Friday, April 07, 2006

Tigers extend undefeated streak Tigers manager Jim Leyland openly worried before the game that his hitters have hit so many home runs that they'll start thinking only about the long ball. Thursday did nothing to alleviate the problem, but it's a good problem to have. Chris Shelton's second two-homer game in four days and Magglio Ordonez's first two-homer game in three years led a seven-homer Tiger barrage off Rangers pitching, sending the Tigers to a 10-6 win at Texas.

The Tigers have a history of putting motion on pitchers whose knuckleballs go flat. They hit six home runs off of Boston's Tim Wakefield on Aug. 8, 2004, at Comerica Park, tying a Major League record for a pitcher in a game. Detroit spread out that power display over five innings. Tigers hitters needed just four innings to do it on Thursday off Rangers knuckler R.A. Dickey.

Brandon Inge started the string on the second pitch of the game, taking a hanging knuckler from Dickey (0-1) deep to left for his second home run of the year. After Placido Polanco and Ivan Rodriguez flied out to right, Ordonez ended his 0-for-8 start to the season with another solo shot to left.

Shelton homered leading off the second inning, then after a third-inning respite, resumed the home run derby with another solo shot with one out in the fourth to pass Cardinals slugger Albert Pujols for the Major League lead with his fourth home run this season. Carlos Guillen walked before Craig Monroe and Marcus Thames hit back-to-back blasts.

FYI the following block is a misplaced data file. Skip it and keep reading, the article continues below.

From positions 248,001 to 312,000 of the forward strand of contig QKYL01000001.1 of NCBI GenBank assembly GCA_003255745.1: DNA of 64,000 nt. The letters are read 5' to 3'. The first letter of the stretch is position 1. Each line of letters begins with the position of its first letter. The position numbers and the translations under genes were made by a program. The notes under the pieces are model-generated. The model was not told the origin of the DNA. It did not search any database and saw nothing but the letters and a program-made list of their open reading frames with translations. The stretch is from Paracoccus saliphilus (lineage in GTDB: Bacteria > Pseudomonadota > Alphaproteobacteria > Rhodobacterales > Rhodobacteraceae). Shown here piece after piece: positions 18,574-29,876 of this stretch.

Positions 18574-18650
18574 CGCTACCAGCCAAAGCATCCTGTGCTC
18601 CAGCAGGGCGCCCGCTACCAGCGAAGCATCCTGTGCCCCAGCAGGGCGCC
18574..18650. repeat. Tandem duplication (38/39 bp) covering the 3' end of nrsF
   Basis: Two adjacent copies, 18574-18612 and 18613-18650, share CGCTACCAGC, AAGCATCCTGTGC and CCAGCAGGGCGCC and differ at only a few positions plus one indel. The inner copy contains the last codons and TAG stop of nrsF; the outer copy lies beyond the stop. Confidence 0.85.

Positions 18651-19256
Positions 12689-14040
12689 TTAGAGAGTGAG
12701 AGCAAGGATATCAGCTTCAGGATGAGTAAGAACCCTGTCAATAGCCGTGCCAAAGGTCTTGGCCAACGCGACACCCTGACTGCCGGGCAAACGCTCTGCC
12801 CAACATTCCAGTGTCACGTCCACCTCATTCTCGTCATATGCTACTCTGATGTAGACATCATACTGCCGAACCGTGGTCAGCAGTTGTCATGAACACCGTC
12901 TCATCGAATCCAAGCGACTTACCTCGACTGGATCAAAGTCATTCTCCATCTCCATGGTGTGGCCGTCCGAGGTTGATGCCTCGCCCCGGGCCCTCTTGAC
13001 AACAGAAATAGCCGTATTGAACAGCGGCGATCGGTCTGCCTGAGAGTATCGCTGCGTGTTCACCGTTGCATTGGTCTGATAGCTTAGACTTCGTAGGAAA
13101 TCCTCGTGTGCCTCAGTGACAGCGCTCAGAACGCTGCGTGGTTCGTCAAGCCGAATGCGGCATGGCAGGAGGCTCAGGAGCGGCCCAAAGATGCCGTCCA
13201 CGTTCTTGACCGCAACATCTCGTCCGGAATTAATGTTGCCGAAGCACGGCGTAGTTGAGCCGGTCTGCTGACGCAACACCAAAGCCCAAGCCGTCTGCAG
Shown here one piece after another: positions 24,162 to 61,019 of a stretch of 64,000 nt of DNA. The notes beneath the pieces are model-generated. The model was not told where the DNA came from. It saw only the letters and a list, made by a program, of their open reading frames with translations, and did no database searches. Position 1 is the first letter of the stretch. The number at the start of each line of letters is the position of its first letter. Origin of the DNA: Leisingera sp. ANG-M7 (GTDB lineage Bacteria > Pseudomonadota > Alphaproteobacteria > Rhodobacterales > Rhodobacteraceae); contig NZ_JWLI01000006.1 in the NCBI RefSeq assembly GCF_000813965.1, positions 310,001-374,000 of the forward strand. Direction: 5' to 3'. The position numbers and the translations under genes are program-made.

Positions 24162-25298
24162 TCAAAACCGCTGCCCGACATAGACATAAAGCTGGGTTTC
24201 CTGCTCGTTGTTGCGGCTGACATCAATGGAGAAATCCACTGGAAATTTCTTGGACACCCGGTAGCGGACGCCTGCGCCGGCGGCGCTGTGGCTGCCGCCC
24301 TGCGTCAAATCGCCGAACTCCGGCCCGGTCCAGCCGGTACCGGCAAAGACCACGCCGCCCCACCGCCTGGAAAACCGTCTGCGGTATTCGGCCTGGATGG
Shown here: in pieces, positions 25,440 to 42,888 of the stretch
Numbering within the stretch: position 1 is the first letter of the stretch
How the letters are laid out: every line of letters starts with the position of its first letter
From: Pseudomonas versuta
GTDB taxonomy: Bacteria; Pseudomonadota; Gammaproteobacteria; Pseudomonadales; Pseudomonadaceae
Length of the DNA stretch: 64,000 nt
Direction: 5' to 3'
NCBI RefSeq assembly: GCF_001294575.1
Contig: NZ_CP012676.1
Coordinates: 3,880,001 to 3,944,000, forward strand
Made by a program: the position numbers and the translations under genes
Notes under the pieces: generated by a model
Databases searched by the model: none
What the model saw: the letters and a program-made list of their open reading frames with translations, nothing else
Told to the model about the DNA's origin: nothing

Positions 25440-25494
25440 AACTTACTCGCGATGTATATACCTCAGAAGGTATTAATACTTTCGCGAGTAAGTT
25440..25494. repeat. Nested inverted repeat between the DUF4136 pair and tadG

Ordonez's solo homer off the left-field foul pole leading off the ninth inning against Brian Shouse put the Tigers' power pace on a historic level. Detroit's 12 home runs the last two games and 15 homers in three games this season both surpassed franchise records for any two- or three-game stretch, respectively. Detroit already led the Majors in home runs -- Thursday's effort gave them more than double the total of any other American League team and six more than Atlanta. They fell one short of the team record for most home runs in a game.

Ironically, lack of offense plagued Tigers starter Nate Robertson last year with the third-lowest support in the league. Thursday's cushion allowed Robertson (1-0) to cruise to a victory. He allowed three runs on eight hits in 5 1/3 innings.

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